Stability of whole blood and plasma ascorbic acid

Eur J Clin Nutr. 2007 Oct;61(10):1233-6. doi: 10.1038/sj.ejcn.1602655. Epub 2007 Feb 7.


The objective of this study was to evaluate the impact of pre-analytical factors on the short and long term stability of ascorbic acid (AA), the main form of vitamin C in whole blood and plasma. The effects of various anticoagulants, acidification, storage temperature and time were tested. A recently developed fast and sensitive HPLC method was used to measure AA levels. AA baseline values observed in heparin plasma were significantly higher than values observed in EDTA, citrate and Stabilyte plasma, as well as in serum. pH and temperature were identified as additional critical pre-analytical factors during the short, medium and long term handling and storage. Thus, assessment of reliable and accurate AA status in biological samples demonstrates to be highly dependent on whether the initial conditions during sample handling are controlled. In conclusion, heparin tubes should be used for blood sample collection. As AA is rapidly degraded, sample collection should be followed by immediate centrifugation and plasma acidification. To avoid further degradation during sample handling, samples should be stored at -70 degrees C without delay and analyzed within 80 days.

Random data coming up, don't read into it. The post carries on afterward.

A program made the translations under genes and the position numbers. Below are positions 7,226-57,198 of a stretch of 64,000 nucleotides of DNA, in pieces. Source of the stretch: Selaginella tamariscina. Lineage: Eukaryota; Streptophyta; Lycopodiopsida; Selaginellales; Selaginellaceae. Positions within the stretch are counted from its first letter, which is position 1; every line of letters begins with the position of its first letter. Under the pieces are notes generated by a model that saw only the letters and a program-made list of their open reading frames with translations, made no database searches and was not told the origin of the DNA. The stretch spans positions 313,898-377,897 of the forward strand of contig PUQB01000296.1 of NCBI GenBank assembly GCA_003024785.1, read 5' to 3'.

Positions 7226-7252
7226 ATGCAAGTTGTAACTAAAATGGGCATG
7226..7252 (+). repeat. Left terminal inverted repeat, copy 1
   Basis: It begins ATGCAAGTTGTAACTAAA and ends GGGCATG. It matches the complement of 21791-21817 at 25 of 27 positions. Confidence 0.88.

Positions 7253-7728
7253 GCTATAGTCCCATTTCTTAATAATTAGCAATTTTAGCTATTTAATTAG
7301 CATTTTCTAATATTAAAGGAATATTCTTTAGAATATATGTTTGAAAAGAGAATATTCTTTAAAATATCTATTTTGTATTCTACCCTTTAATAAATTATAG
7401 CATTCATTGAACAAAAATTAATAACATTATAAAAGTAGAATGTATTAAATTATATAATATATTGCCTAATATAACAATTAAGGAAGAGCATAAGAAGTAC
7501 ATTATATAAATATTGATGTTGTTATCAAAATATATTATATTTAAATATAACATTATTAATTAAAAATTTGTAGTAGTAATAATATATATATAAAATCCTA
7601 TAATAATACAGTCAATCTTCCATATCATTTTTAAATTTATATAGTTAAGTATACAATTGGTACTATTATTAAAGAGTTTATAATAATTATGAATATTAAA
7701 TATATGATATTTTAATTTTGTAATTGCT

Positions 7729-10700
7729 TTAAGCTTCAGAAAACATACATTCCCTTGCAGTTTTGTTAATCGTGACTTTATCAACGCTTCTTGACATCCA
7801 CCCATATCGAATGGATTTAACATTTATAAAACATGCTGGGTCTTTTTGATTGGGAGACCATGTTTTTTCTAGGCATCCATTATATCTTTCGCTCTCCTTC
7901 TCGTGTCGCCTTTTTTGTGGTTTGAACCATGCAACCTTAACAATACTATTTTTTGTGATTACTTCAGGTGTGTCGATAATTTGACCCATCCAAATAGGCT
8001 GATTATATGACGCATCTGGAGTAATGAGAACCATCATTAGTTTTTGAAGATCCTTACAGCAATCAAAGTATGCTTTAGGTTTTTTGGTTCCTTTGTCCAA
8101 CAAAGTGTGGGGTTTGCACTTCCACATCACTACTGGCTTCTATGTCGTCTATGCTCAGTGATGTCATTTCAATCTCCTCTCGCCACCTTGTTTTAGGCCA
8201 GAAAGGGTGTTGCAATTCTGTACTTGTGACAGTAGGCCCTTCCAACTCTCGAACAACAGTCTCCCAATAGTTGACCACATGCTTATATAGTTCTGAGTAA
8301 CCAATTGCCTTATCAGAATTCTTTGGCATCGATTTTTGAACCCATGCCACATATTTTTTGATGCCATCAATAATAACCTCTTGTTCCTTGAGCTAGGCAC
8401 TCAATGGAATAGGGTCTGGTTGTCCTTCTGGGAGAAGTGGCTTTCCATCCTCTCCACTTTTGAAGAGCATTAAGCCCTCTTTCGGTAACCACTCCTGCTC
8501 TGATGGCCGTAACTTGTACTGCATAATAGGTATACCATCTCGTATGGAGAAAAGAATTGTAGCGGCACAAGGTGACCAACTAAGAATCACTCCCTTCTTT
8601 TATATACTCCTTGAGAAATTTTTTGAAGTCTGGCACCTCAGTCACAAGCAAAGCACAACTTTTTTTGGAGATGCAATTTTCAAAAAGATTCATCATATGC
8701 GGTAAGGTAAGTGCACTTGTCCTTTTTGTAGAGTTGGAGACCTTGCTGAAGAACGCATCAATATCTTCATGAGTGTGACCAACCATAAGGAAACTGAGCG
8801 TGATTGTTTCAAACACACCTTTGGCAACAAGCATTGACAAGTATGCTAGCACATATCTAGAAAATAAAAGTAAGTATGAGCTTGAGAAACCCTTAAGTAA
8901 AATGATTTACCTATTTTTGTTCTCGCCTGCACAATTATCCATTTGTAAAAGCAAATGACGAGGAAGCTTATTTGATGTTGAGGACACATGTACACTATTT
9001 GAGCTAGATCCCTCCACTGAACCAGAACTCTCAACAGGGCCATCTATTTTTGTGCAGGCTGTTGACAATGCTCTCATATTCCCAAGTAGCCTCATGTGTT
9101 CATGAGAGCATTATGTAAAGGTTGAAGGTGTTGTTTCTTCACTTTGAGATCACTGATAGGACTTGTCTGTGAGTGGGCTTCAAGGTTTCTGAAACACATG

Publication types

  • Research Support, Non-U.S. Gov't

MeSH terms

  • Anticoagulants / administration & dosage
  • Antioxidants / analysis
  • Antioxidants / metabolism*
  • Ascorbic Acid / analysis*
  • Ascorbic Acid / blood*
  • Blood Preservation / methods*
  • Blood Specimen Collection / methods
  • Chromatography, High Pressure Liquid / methods
  • Cryopreservation / methods*
  • Drug Stability
  • Heparin / administration & dosage
  • Humans
  • Hydrogen-Ion Concentration
  • Temperature
  • Time Factors


  • Anticoagulants
  • Antioxidants
  • Heparin
  • Ascorbic Acid